Higher Education for Business

By Robert Aaron Gordon; James Edwin Howell | Go to book overview

appendix A
THE LITERATURE ON PERSONAL QUALITIES CONTRIBUTING TO BUSINESS SUCCESS
IN the first part of Chapter 5 we attempted to summarize the relevant literature bearing on the personal qualities which are presumably important for success in business. This appendix describes in more detail than was possible in Chapter 5 the studies which we consulted.The list of qualities presented on page 78 was derived from a study of the books and articles listed below. Those which were found most useful are indicated by an asterisk. The attempt to collate the findings of a number of disparate studies--each using different premises, each surveying a different group, and each using different procedures--raises the problem of constructing a common set of categories into which the qualities listed by each author can be placed. We attempted to fit the findings of each author into the framework we used in interviewing business firms on the qualities they felt were important for success in business management. This necessitated combining overlapping categories in several of the studies. The list presented on page 78 represents the qualities which were most often emphasized by the authors cited below.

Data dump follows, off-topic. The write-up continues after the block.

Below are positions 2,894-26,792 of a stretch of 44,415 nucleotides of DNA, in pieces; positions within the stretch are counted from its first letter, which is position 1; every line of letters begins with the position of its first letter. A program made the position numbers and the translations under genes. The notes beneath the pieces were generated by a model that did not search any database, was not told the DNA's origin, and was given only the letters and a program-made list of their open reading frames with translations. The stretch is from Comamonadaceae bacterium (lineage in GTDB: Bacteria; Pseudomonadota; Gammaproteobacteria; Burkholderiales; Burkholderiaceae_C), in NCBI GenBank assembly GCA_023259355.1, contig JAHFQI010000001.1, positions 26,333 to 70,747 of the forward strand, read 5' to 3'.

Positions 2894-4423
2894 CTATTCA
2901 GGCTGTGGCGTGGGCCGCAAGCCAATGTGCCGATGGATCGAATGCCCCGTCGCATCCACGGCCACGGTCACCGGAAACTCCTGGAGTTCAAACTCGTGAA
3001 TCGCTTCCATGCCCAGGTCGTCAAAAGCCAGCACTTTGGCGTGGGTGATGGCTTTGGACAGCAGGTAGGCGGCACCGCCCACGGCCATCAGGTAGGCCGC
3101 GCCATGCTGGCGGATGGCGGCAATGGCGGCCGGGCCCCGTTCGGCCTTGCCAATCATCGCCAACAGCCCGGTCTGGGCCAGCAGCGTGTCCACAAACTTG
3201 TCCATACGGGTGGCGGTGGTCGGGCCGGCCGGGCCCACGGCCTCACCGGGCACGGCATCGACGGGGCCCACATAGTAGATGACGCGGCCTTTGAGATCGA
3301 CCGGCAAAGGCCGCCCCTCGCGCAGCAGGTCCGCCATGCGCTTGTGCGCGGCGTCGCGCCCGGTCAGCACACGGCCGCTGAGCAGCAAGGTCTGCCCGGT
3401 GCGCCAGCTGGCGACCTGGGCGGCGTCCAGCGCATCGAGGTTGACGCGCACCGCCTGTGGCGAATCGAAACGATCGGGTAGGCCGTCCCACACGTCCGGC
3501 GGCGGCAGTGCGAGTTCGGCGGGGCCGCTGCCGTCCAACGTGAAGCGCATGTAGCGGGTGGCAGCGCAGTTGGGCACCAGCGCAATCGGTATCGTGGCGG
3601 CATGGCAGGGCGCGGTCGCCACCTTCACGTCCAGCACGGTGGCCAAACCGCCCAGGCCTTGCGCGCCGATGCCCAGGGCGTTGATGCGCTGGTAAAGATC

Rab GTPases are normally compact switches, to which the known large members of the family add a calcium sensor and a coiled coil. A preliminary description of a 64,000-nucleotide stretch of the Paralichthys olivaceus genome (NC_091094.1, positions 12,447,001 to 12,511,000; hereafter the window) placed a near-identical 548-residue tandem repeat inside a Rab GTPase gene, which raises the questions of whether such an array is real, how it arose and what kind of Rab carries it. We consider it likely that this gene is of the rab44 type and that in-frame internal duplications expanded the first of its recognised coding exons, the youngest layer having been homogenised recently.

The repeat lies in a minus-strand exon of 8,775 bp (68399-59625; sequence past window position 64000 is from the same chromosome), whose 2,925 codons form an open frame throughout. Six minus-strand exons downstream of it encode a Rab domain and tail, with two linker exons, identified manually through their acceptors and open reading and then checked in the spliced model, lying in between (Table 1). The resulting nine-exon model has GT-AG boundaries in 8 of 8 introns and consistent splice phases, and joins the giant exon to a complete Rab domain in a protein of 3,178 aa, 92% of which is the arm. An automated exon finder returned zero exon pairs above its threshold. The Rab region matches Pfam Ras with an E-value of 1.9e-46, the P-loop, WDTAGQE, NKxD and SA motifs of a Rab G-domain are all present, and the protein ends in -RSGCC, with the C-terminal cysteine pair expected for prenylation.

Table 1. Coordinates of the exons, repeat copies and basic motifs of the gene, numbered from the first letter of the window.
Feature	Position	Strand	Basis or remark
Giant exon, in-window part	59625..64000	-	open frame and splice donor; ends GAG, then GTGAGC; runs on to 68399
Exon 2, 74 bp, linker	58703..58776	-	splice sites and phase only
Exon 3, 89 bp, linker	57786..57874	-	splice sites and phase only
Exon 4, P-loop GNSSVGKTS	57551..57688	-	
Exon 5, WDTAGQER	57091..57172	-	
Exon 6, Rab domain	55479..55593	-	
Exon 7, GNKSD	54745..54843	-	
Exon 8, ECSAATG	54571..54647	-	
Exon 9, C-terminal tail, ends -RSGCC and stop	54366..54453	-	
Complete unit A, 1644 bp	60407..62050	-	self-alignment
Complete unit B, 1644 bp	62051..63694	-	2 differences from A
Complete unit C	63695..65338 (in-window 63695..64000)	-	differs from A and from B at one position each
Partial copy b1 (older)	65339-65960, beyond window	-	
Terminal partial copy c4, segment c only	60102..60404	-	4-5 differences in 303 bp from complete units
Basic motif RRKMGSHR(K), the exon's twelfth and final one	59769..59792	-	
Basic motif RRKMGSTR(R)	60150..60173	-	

* Bach G. L. "Where Do Executives Come From?" Personel, XXIX ( July, 1952), 51.
Bowen Howard R. "Future of Business Education," in The Challenge of Business Education. Chicago, University of Chicago Press, 1949. Pages 36-44.
* Calkins Robert D. "Objectives of Business Education," Harvard Business Review, xxv (Autumn, 1946), 46-57.
Cleeton Glen U., and Charles W. Mason. Executive Ability. Yellow Springs, Ohio, The Antioch Press, 1946. Page 26.
* Endicott Frank S. "Employment Trends in 1955," Journal of College Placement, xv ( March, 1955), 41-51.
Gardner Burleigh B. "What Makes Successful and Unsuccessful Ex"

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